1 double fault every service game is way way too much. 1 double fautl every 2 service games is of course better, but still too much, imho. Unless you have a 150 mile first serve, and a 120 mile second serve, you should try to double fault as little as 2 times a match. I have gone some matches with no double faults (but that is rare). you should get your second serve in at least in the 80 to 90% range, or better.


Quote:

Originally Posted by ajmack (Post 4643095)
I'm focusing on reducing my double faults, something I did 10 times in an 8-game set and 14 or 15 times total in the same match last week. Earlier this year, I double faulted five times in one game.
So, what would be roughly the average number of double faults by the typical 4.0 league player?. Maybe one double fault every service game or would it be two service games?


HitItHarder 05-12-2010 07:11 AM

Quote:

Originally Posted by raiden031 (Post 4644030)
At all levels of play, you want to double fault as little as possible.

The only reason that double faulting is acceptable is when you are playing against a player who is killing you on the returns and you don't have a choice but to take more risk.


I have to agree with Raiden here if we are talking about competitive match play. If your opponent is killing you on the service return and using it to take you out of points early, then you may need to go for more on serve and take more risks. As you are apparently not holding your serve, this may help turn the momentum.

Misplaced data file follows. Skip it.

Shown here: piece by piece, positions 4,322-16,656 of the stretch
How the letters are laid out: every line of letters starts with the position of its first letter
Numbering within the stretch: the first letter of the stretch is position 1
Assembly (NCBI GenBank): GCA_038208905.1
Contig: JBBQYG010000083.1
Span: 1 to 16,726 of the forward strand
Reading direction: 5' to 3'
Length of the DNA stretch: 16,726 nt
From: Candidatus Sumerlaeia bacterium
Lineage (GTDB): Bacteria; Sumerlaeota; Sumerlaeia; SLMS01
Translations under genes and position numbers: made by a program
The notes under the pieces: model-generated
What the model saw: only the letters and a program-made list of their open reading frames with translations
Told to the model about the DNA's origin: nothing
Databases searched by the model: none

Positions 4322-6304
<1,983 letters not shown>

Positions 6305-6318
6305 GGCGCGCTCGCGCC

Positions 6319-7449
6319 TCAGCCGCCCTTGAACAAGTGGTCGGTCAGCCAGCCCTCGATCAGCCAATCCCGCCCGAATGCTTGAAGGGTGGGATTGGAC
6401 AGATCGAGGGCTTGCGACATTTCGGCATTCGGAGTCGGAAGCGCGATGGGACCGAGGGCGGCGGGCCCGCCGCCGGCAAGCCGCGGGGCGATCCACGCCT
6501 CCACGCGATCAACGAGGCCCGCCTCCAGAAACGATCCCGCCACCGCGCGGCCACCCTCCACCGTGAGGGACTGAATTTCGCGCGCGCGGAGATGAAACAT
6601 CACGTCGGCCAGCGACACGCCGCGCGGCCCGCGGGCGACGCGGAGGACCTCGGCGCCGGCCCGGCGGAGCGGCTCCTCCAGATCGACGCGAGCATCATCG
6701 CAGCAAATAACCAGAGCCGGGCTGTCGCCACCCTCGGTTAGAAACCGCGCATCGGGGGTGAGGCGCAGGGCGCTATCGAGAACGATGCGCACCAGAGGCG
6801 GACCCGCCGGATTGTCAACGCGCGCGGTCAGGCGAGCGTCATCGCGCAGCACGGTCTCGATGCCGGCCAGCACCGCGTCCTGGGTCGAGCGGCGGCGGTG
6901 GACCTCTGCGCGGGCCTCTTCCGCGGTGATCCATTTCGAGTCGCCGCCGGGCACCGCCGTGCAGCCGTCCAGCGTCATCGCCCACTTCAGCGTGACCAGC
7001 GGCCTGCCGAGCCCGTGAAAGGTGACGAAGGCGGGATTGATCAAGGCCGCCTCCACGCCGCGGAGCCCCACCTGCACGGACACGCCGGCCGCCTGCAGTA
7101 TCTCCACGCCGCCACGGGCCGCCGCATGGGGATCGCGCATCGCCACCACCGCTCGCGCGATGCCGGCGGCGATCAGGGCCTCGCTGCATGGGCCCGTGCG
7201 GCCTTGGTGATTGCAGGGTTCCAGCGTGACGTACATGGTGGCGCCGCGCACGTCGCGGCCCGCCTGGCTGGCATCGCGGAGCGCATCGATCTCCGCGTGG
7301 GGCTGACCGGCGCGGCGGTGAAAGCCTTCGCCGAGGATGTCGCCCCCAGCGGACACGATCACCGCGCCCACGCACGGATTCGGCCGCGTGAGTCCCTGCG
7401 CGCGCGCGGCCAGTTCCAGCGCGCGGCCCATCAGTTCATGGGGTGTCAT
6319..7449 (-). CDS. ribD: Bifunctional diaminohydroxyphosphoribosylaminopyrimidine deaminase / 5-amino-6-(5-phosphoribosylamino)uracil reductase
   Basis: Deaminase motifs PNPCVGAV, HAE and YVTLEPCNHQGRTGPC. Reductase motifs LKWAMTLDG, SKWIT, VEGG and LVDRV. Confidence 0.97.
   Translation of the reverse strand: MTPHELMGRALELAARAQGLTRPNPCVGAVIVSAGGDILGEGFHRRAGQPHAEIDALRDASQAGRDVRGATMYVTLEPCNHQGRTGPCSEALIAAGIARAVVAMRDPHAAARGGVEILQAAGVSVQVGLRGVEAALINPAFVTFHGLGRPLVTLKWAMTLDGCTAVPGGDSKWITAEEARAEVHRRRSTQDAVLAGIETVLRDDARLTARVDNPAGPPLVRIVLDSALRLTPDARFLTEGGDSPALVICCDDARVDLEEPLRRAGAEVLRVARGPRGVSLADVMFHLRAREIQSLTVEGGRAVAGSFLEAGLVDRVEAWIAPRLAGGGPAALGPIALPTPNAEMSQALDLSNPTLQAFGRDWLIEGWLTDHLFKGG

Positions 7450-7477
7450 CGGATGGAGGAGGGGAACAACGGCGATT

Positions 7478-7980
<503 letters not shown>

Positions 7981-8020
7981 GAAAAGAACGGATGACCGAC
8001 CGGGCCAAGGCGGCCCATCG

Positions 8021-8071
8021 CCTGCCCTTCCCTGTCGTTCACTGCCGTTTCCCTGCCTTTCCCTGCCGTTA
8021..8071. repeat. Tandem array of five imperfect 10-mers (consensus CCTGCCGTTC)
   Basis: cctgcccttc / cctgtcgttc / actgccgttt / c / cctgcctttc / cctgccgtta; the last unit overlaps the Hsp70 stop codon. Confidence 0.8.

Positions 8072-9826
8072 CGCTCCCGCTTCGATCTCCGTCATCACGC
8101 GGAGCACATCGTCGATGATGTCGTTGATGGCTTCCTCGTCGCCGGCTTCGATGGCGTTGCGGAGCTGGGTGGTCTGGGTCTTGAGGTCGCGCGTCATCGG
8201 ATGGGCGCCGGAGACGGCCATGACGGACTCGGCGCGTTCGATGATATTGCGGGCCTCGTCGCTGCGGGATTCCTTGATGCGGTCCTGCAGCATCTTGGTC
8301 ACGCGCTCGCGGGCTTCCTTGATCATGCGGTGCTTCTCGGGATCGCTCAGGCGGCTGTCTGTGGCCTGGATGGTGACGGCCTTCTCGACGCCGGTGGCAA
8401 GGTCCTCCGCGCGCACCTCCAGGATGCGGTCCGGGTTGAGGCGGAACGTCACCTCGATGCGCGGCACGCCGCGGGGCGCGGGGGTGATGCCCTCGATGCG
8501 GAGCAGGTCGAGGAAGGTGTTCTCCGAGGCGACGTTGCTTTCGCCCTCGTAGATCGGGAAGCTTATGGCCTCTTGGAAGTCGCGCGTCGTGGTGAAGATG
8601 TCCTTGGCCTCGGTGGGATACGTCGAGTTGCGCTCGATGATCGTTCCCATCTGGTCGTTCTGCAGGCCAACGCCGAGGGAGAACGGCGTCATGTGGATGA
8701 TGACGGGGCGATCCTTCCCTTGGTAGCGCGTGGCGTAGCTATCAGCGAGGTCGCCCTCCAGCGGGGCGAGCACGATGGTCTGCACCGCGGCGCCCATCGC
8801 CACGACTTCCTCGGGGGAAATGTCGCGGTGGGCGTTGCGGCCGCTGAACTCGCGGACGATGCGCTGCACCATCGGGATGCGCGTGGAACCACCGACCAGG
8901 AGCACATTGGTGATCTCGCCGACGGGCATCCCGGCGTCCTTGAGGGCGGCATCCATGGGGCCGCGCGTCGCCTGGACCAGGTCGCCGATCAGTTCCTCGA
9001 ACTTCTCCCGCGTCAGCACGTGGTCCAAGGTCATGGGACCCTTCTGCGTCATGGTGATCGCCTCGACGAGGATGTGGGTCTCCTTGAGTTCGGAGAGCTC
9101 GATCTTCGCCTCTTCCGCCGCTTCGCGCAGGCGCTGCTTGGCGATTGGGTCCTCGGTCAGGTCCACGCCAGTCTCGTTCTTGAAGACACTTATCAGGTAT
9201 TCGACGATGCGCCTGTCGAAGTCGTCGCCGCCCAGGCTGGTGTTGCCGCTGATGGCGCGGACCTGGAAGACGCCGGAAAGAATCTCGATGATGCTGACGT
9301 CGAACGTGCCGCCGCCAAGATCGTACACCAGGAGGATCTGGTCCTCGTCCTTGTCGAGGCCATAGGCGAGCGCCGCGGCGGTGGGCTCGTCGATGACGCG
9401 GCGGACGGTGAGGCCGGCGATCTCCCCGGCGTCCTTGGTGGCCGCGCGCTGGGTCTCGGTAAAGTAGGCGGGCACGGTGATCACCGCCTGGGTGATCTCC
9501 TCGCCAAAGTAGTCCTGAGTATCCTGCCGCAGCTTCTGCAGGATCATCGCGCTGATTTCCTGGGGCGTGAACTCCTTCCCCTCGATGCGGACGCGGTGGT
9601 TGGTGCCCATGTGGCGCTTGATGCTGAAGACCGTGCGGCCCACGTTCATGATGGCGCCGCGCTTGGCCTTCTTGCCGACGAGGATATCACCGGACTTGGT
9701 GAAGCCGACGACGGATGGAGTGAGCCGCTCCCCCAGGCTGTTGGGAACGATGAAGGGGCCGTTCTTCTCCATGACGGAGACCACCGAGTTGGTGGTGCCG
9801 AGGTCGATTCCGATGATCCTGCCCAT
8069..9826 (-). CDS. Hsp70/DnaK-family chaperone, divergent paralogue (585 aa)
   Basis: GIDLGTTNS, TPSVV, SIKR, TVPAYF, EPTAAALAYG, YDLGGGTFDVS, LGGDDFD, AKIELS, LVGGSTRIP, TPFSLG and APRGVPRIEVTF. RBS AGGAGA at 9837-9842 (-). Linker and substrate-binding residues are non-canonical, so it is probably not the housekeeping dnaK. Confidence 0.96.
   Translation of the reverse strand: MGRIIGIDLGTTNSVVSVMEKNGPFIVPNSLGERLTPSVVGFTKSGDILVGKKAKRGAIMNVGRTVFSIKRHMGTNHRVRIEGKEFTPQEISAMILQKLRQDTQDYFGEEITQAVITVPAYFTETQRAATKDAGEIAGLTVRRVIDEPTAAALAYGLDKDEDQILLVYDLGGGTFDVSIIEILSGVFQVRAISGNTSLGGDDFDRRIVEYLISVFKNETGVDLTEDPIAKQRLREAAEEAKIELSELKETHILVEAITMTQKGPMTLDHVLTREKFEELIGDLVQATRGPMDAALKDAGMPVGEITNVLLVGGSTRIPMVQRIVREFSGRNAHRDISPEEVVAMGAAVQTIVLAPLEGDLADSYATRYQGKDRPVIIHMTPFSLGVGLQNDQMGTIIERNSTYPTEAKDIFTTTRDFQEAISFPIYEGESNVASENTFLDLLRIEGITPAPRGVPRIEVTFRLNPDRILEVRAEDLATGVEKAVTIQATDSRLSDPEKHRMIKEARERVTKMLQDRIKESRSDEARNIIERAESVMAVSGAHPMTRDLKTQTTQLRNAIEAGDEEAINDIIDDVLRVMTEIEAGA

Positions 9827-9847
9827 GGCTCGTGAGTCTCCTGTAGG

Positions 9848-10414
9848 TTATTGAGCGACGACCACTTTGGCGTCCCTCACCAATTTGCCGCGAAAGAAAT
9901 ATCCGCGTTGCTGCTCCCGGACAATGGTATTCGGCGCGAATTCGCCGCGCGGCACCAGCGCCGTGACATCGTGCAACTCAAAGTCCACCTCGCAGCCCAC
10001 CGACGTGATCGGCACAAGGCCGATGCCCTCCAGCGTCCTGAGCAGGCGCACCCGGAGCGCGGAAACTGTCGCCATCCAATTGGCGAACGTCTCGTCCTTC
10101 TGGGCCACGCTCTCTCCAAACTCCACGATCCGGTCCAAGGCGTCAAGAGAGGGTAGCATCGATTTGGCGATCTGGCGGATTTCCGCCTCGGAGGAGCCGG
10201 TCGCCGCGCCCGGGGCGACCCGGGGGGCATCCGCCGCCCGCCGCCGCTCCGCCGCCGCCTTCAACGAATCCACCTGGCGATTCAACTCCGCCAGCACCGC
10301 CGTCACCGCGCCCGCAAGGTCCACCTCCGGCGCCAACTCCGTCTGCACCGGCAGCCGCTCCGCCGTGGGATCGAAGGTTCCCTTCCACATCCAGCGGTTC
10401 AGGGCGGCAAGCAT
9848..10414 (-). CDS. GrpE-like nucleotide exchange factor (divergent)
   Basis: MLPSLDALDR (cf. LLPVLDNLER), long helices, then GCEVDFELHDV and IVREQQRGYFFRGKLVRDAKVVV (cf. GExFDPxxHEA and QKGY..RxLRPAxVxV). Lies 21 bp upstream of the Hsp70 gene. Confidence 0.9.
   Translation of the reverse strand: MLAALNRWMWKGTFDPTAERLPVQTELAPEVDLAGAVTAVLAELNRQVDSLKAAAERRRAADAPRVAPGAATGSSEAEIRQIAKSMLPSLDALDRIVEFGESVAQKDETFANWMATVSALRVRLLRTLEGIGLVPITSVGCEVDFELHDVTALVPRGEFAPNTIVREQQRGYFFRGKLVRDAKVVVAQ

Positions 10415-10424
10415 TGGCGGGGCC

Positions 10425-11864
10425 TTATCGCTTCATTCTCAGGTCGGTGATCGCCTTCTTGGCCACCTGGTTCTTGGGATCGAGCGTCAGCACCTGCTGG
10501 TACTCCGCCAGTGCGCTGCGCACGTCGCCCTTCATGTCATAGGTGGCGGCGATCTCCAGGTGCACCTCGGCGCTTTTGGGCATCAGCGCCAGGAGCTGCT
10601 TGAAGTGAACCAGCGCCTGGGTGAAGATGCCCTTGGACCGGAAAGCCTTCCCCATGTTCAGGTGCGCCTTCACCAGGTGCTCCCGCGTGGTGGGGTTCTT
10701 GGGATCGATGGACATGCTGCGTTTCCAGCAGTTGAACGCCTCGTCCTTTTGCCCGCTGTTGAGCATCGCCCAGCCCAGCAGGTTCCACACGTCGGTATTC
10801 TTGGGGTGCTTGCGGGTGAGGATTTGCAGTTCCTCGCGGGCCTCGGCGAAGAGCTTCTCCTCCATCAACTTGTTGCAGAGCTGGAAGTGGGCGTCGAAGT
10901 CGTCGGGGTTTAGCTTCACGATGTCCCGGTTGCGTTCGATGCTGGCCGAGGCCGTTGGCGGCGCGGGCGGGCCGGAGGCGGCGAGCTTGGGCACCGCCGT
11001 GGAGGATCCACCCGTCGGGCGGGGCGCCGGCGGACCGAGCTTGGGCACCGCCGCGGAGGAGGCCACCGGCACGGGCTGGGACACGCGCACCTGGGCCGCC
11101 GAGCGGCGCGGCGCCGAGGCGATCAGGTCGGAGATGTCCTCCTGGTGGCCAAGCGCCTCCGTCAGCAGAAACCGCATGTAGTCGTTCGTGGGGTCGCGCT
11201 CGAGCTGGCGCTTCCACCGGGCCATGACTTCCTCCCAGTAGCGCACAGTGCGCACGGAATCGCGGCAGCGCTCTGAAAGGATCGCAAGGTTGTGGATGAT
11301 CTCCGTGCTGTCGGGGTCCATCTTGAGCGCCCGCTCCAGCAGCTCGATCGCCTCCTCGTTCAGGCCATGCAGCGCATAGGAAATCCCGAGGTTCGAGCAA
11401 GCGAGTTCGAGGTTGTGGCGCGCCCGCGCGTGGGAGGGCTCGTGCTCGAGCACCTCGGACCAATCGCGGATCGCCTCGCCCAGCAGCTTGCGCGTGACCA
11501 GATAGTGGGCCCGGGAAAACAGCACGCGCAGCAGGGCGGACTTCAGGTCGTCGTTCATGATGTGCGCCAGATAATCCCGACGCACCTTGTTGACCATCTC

If you are holding serve fine, I don't know that I see a need to "go for the big serve" if it is leading to double faults.

If your second serve is consistent, then you have more flexibility and can hit that big first serve without worrying about a DF if you miss. If your second serve is not consistent, then you need to take less risk with the first serve.

Your service game should minimize double faults while still consistently hold serve. I don't know that you can put a number on that because it may change depending on the opponent and what that opponent brings to the table for service returns.

iankogan 05-12-2010 08:07 AM